Germany recently recorded the highest inflation rate seen by the country in nearly three decades. The Federal Statistical Office of Germany estimated a 5.3 percent inflation rate for December 2021, according to estimates by the nation’s Consumer Price Index. This is +0.5 percent on November 2021.
Meanwhile, the inflation rate for 2021 in Germany is expected to stand at +3.1 percent.
Inflation rates have risen sharply across Europe, partly as a result of economies reopening after the pandemic.
As coronavirus restrictions have been lifted, people are spending more money but many companies are finding it difficult to keep up with the rising demand as many operations scaled back during the pandemic.
The issue has been compounded by rising energy prices, driving up prices even further.
But German Economist Dorothea Siems has argued that the new German government, headed up by Olaf Scholz, is at least partly to blame.
She claimed that Mr Scholz’ “daring monetary policy” has created “additional price pressure” by “doing everything to exacerbate the problem”.
She primarily cited the minimum wage increase as a key trigger of inflation, which she said “threatens to set in motion a wage-price spiral”.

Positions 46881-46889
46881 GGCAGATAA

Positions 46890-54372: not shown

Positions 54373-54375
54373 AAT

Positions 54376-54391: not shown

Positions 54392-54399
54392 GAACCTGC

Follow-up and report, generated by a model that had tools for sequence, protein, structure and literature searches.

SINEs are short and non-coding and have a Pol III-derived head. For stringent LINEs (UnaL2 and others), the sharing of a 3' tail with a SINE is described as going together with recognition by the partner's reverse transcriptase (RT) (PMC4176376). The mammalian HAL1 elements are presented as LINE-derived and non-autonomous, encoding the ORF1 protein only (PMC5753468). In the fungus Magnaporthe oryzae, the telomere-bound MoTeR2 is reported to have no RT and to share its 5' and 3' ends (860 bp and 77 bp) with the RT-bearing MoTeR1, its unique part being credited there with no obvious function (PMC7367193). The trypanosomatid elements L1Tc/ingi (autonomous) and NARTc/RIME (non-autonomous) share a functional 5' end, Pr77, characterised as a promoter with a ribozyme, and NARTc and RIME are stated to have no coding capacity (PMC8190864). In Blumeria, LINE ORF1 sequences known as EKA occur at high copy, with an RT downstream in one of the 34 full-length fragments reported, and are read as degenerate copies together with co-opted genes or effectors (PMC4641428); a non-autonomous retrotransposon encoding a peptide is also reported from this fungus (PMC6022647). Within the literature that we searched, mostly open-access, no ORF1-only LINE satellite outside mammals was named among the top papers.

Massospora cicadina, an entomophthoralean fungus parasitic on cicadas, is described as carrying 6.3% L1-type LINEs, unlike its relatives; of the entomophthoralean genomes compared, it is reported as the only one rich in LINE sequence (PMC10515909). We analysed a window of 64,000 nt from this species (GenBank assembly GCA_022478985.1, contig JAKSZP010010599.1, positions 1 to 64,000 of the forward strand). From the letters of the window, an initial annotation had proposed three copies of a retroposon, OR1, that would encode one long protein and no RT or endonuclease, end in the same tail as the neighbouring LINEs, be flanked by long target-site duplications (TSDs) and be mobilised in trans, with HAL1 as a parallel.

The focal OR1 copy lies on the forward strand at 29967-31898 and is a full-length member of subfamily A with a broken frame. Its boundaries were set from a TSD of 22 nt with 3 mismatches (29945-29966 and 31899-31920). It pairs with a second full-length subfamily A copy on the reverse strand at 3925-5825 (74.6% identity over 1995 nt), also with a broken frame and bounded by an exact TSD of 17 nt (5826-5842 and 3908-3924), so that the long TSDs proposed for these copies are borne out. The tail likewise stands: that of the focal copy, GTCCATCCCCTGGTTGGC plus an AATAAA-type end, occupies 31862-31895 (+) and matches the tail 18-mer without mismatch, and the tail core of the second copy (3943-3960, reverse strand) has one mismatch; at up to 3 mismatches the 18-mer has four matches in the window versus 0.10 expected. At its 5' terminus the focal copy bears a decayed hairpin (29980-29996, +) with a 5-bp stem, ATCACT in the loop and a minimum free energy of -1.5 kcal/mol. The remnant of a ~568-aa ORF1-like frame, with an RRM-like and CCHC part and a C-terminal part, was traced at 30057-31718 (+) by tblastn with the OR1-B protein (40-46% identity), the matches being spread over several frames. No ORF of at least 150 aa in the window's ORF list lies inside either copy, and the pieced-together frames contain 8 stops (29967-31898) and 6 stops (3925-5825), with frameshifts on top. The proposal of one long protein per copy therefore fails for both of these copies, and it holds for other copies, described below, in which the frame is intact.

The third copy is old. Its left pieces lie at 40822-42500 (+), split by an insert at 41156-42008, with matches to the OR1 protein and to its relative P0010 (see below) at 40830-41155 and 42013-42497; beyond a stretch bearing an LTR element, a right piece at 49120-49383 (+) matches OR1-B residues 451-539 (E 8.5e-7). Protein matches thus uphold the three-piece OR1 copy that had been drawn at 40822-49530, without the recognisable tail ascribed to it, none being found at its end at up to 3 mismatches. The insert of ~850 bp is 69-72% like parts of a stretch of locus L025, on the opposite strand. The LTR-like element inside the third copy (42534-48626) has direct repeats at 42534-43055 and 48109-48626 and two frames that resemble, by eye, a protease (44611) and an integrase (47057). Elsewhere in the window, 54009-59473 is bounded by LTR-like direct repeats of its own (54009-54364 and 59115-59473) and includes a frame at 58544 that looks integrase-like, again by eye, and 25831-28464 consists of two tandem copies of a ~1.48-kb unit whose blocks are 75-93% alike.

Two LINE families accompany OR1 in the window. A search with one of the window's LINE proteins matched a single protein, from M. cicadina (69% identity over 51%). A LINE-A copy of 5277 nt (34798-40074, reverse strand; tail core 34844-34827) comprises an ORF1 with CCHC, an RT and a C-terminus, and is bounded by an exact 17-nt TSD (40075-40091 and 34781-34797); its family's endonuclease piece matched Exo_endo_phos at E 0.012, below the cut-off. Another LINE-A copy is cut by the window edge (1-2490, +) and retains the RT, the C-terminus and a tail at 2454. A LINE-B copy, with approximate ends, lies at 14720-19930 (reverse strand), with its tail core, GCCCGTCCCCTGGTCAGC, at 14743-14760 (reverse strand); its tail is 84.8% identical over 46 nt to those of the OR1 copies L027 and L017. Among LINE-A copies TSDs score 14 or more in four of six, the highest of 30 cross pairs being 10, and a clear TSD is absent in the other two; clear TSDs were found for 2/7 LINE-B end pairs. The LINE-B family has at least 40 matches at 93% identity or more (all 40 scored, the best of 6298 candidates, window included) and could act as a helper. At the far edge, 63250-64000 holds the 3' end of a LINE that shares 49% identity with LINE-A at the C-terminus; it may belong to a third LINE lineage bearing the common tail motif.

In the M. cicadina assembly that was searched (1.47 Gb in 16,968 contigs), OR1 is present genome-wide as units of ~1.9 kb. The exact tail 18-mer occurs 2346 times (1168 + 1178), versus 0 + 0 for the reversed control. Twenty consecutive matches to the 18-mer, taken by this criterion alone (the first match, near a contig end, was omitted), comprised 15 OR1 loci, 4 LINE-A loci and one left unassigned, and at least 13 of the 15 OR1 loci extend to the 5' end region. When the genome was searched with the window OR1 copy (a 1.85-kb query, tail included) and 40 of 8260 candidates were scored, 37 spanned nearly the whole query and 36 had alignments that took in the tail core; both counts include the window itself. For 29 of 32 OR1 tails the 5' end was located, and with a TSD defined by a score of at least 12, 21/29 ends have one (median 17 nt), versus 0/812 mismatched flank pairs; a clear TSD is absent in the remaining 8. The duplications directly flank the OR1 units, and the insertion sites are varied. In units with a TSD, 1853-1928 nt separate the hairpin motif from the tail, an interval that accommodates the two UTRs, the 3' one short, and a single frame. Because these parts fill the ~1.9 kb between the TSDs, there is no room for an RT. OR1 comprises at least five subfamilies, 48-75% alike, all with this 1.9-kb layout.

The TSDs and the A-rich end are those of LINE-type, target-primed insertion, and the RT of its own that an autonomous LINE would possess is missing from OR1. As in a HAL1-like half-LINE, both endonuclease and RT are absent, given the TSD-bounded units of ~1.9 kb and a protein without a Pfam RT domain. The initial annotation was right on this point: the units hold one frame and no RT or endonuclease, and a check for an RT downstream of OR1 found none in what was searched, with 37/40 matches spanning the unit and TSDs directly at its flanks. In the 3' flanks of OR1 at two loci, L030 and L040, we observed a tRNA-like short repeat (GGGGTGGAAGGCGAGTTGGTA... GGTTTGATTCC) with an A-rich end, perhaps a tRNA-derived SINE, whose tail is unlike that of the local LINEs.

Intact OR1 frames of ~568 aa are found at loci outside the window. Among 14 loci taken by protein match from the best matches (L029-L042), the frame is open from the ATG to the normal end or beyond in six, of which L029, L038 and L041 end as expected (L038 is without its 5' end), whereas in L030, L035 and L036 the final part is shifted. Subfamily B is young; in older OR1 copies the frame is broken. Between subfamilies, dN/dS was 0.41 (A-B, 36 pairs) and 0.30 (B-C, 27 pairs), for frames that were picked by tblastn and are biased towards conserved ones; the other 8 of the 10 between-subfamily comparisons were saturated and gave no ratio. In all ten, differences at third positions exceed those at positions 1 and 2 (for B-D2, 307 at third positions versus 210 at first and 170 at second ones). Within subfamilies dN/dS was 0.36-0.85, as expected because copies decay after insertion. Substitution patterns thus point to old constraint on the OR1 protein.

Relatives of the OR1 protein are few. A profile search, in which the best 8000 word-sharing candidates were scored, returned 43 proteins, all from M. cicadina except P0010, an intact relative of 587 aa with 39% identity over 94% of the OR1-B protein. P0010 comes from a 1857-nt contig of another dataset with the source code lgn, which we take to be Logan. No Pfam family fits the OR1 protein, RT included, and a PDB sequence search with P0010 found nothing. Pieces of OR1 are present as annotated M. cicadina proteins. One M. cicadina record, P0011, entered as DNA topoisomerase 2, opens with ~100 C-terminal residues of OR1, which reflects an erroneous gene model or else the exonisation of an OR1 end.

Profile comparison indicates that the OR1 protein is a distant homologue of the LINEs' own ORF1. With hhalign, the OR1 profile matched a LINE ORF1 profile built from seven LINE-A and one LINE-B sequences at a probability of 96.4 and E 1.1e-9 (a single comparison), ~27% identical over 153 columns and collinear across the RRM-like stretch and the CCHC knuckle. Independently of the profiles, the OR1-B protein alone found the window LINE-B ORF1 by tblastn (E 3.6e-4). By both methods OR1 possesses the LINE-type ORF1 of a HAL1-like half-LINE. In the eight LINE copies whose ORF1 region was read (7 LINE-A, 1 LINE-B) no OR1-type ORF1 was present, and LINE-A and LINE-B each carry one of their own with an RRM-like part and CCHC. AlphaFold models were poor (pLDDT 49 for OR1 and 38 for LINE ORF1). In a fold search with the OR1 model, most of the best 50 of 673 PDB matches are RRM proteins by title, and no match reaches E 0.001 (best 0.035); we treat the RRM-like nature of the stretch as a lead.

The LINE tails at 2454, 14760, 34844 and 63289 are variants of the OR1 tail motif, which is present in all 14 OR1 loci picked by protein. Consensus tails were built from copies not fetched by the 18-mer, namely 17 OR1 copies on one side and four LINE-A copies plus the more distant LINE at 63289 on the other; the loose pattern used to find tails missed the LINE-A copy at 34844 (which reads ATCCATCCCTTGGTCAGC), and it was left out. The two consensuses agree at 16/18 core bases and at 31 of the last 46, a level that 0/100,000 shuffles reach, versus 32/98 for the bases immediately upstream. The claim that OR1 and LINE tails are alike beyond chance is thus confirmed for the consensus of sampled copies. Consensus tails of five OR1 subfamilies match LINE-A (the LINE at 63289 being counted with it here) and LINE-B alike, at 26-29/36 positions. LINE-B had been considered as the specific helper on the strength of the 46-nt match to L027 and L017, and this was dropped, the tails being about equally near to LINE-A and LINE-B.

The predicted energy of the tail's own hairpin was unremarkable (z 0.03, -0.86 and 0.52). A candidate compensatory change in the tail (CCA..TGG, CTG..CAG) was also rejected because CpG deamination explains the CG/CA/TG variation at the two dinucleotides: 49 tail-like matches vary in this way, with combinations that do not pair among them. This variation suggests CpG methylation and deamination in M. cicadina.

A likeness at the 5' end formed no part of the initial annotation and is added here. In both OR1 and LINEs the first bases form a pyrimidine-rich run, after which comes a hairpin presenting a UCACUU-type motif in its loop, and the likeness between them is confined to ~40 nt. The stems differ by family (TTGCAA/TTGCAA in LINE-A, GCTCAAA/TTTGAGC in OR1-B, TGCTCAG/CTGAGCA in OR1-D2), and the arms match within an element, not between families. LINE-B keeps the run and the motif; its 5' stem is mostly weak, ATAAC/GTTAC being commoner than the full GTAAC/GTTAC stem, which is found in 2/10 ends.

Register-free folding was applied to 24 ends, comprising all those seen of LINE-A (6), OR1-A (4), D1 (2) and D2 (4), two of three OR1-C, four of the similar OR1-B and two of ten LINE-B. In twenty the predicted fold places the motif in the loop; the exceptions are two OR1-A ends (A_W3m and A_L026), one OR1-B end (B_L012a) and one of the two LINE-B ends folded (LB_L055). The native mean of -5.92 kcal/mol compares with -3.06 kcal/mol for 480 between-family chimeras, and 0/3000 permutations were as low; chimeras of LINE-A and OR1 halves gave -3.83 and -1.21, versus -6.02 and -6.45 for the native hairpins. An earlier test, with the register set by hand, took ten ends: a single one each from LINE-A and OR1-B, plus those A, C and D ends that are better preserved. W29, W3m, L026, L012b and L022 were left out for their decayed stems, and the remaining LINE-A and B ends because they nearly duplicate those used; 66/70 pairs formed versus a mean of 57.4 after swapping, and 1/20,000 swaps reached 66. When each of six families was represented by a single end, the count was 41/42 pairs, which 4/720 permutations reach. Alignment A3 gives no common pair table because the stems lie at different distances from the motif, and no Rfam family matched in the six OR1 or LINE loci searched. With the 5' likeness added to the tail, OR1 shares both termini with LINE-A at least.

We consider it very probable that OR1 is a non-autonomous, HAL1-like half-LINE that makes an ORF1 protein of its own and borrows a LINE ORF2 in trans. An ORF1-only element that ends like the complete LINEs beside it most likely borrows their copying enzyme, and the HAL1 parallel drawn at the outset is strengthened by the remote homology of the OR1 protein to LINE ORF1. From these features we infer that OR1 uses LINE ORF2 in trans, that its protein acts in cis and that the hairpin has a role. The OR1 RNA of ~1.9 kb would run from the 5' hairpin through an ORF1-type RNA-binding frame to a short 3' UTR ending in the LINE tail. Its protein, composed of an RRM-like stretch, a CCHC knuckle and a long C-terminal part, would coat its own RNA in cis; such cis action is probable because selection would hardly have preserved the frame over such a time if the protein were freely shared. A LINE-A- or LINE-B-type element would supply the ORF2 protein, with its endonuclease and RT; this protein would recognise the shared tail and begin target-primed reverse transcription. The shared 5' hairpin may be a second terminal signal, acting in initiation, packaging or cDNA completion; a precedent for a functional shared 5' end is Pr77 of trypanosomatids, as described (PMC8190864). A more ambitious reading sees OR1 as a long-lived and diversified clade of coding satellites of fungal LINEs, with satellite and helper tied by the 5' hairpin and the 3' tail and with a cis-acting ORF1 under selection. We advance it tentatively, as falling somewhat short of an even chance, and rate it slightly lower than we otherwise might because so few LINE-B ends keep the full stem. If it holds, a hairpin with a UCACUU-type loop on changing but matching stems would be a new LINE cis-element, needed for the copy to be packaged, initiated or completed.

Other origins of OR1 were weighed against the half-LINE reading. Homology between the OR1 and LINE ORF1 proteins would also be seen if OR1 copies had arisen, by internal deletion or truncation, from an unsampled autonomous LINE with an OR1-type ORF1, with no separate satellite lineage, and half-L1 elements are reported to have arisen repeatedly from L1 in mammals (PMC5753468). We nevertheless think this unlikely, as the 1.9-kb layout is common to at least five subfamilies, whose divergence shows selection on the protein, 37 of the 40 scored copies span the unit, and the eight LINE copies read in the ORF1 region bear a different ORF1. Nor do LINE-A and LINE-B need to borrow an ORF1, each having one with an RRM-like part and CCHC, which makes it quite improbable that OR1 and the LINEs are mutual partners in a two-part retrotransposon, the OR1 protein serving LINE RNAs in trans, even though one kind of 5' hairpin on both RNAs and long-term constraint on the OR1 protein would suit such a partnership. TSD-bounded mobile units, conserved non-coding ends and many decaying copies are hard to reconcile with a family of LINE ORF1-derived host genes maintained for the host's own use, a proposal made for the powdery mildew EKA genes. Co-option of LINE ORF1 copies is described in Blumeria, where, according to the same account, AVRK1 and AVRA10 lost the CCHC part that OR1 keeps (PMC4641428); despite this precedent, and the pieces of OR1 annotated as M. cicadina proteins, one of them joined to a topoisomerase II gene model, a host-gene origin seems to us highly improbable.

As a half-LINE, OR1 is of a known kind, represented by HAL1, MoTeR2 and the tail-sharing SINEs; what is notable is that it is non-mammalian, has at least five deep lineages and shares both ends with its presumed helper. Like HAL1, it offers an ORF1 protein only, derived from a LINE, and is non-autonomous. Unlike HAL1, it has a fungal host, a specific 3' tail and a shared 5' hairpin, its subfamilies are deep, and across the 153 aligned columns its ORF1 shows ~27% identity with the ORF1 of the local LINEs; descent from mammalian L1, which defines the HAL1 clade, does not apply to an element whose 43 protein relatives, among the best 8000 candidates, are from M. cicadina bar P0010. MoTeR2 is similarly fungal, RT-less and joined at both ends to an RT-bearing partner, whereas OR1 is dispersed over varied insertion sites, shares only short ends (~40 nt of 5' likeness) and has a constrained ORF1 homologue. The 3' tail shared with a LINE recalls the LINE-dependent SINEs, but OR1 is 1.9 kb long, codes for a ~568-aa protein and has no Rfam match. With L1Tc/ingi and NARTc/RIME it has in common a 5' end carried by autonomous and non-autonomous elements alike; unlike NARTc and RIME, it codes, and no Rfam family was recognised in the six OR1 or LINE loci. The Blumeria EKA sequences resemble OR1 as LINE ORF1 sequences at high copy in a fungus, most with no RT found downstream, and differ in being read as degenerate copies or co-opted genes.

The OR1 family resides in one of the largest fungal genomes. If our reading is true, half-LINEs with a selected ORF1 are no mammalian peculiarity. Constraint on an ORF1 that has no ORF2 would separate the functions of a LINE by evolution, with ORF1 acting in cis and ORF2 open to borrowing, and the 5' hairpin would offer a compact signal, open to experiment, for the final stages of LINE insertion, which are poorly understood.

She said: “Regardless of the high risk of inflation, the traffic light coalition creates additional price pressure.
“Whether nuclear phase-out, minimum wage or Europe’s debt rules: With their agenda, the governing parties are doing everything to exacerbate the problem.
“In particular, the increase of the minimum wage to twelve euros this year will drive inflation.
“This threatens to set in motion a wage-price spiral.”
She also hit out at the government for its move to phase out nuclear energy, which she called “absurd”.
Writing in German outlet Welt, she said: “In other places too, the federal government simply ignores the price-driving effect of its policy.
“The fact that Germany is not only phasing out nuclear energy, but also wants to get all other EU countries to do so, is absurd in view of the exorbitantly increased electricity costs.
“Likewise, the debate initiated by Agriculture Minister Cem Özdemir on alleged junk prices for food is evidence of ignorance of the consequences of sharply rising cost of living.
“In addition, the traffic light coalition is apparently ready to loosen Europe’s debt rules permanently.
“The FDP, Greens and SPD will have to explain to the increasingly concerned Germans how the purchasing power of the common currency is to be preserved with this.”
Additional reporting by Monika Pallenberg.